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Agency Delays Approval of Group Home : Disabled: Residents say they're concerned about the design of the structure, the possible devaluation of their property and the traffic it may bring.


CULVER CITY — The Culver City Redevelopment Agency delayed approving the construction of a group home for six developmentally disabled adults after about two dozen east Culver City residents spoke vehemently against the construction plans at Monday's agency meeting.

Residents voiced concern about the design of the structure, the possible devaluation of their property and the traffic the home may bring.

"East Culver City is an unduly burdened city already," said Bonnie Yates, who lives across the street from the proposed home site.

The neighborhood already houses two facilities for the disabled, the Exceptional Children's Foundation on Washington Boulevard and the United Cerebral Palsy Development Center on Venice Boulevard.

The City Council, acting as the redevelopment agency, delayed financing the $390,500 project that will be run by Jay Nolan Community Services. The organization runs 16 similar facilities in Los Angeles County. The agency will conduct a survey of Nolan's record before the proposal goes up for approval again.

The proposal calls for the property's current owner, Jack Bryant, to sell the single-family house at 3327 Caroline Ave. for the price that he paid for it. In return for donating the equity on the property, estimated by the agency at about $25,000, Bryant's construction company will be given the $170,000 contract to renovate the existing structure and build a second three-bedroom house as well as a six-car garage.

Sandra Levin, who lives near the proposed facility, said that neighbors are not against the idea of having developmentally disabled people on the street, but rather that they are concerned with the design and size of the facility.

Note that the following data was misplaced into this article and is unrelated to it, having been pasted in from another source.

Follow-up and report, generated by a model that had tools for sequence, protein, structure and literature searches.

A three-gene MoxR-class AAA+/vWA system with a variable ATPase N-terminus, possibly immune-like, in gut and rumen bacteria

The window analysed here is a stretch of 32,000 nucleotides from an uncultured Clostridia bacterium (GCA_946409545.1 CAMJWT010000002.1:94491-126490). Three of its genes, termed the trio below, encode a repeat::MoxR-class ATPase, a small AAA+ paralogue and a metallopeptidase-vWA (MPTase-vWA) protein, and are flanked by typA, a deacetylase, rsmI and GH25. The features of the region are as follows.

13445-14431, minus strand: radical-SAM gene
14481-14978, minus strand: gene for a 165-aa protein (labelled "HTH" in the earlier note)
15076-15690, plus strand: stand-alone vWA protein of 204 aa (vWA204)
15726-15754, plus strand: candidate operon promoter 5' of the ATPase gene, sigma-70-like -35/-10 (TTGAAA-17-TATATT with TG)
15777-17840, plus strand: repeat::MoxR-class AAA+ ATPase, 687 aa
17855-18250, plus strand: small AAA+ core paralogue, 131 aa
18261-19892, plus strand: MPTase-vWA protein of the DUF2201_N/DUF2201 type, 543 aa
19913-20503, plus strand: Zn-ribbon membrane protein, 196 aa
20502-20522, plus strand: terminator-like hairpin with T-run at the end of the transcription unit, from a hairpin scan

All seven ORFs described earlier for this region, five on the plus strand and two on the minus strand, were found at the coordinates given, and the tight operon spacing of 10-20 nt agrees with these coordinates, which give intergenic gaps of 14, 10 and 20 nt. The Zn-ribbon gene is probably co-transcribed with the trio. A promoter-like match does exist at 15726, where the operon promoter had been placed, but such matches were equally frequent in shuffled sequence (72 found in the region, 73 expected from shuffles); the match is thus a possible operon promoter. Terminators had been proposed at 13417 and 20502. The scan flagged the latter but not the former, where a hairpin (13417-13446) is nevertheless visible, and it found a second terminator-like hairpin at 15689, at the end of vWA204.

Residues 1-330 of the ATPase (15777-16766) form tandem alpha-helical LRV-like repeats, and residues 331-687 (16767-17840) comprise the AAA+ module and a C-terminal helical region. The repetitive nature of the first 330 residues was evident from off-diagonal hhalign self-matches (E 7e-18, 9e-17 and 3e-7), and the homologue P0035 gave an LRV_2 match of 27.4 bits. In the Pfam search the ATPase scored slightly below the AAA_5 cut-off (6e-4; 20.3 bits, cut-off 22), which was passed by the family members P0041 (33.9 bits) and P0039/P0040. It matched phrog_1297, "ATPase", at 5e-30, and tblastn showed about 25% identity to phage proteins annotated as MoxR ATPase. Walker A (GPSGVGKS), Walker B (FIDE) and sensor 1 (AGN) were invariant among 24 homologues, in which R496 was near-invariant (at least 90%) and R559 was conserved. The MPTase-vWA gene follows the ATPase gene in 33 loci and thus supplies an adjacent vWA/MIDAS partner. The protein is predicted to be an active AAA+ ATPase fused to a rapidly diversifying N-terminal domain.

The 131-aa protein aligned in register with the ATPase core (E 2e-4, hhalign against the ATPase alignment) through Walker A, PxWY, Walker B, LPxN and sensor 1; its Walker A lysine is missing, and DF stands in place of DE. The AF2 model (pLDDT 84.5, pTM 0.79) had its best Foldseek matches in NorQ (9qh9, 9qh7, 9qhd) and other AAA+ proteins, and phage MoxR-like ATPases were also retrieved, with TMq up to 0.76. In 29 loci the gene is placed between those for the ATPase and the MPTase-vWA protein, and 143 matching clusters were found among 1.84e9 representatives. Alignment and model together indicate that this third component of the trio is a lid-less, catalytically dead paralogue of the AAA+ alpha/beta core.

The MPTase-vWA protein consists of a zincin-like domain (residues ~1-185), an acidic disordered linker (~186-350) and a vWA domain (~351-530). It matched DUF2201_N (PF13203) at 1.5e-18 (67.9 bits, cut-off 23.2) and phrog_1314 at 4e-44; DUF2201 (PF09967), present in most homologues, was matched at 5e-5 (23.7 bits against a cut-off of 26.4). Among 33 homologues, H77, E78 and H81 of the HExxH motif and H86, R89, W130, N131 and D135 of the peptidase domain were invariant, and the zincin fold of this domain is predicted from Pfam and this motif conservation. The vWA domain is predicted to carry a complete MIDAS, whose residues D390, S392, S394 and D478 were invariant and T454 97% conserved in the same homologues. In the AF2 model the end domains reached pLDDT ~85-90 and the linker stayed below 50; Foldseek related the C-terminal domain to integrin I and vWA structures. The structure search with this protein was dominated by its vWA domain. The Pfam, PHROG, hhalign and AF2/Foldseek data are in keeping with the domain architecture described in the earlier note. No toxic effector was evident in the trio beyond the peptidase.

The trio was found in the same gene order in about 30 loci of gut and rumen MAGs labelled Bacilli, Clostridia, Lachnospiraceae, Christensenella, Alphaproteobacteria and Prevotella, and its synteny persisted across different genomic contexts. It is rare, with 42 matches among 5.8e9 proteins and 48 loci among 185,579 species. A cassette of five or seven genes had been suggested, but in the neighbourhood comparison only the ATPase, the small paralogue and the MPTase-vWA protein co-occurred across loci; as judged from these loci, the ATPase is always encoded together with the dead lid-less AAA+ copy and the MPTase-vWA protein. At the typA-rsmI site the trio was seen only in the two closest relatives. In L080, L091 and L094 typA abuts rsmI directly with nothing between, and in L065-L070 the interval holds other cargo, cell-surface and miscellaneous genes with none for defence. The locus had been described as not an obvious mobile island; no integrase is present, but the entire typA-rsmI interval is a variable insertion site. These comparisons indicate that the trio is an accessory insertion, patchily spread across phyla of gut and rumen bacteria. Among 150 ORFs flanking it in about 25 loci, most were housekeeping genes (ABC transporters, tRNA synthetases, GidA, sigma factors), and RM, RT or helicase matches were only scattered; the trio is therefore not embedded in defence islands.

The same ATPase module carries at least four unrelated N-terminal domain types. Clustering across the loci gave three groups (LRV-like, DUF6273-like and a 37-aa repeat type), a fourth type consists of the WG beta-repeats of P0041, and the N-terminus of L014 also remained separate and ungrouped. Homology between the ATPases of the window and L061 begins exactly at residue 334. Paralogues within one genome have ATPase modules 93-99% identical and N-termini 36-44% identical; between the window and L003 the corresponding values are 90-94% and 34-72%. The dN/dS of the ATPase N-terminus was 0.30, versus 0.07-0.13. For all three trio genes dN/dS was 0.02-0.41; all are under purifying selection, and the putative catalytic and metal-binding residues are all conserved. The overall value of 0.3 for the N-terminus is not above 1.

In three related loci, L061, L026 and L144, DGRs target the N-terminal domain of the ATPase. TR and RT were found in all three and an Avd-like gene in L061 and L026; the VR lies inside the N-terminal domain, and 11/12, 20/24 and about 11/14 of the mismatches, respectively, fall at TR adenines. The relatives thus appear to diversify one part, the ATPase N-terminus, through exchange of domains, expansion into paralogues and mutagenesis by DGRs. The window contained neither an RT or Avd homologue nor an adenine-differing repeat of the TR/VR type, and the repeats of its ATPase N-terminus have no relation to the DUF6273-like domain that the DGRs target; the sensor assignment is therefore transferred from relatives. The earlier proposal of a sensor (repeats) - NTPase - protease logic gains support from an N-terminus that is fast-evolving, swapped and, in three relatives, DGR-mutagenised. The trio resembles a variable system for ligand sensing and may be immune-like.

Most of the residents complained that the dual structures would not complement the small, single-family homes lining Caroline Avenue. Levin said she would support one three- or four-bedroom house on the proposed site.

Shelly Rothman, who also lives near the proposed site, said she is concerned with the way Nolan takes care of its facilities. Rothman toured other Nolan homes in Los Angeles County and said that in each case "the Nolan home was the worst-looking building on the street."

But Mary Rollins of the Westside Regional Center, a nonprofit agency to help developmentally disabled people, said Nolan's record is excellent, with clients as well as neighborhoods.

And Richard Rosenberg, executive director of Jay Nolan, said, "The reality is that we are doing very well with our neighbors and neighborhoods.

"We try to make all our homes blend in 100% with the neighborhood."

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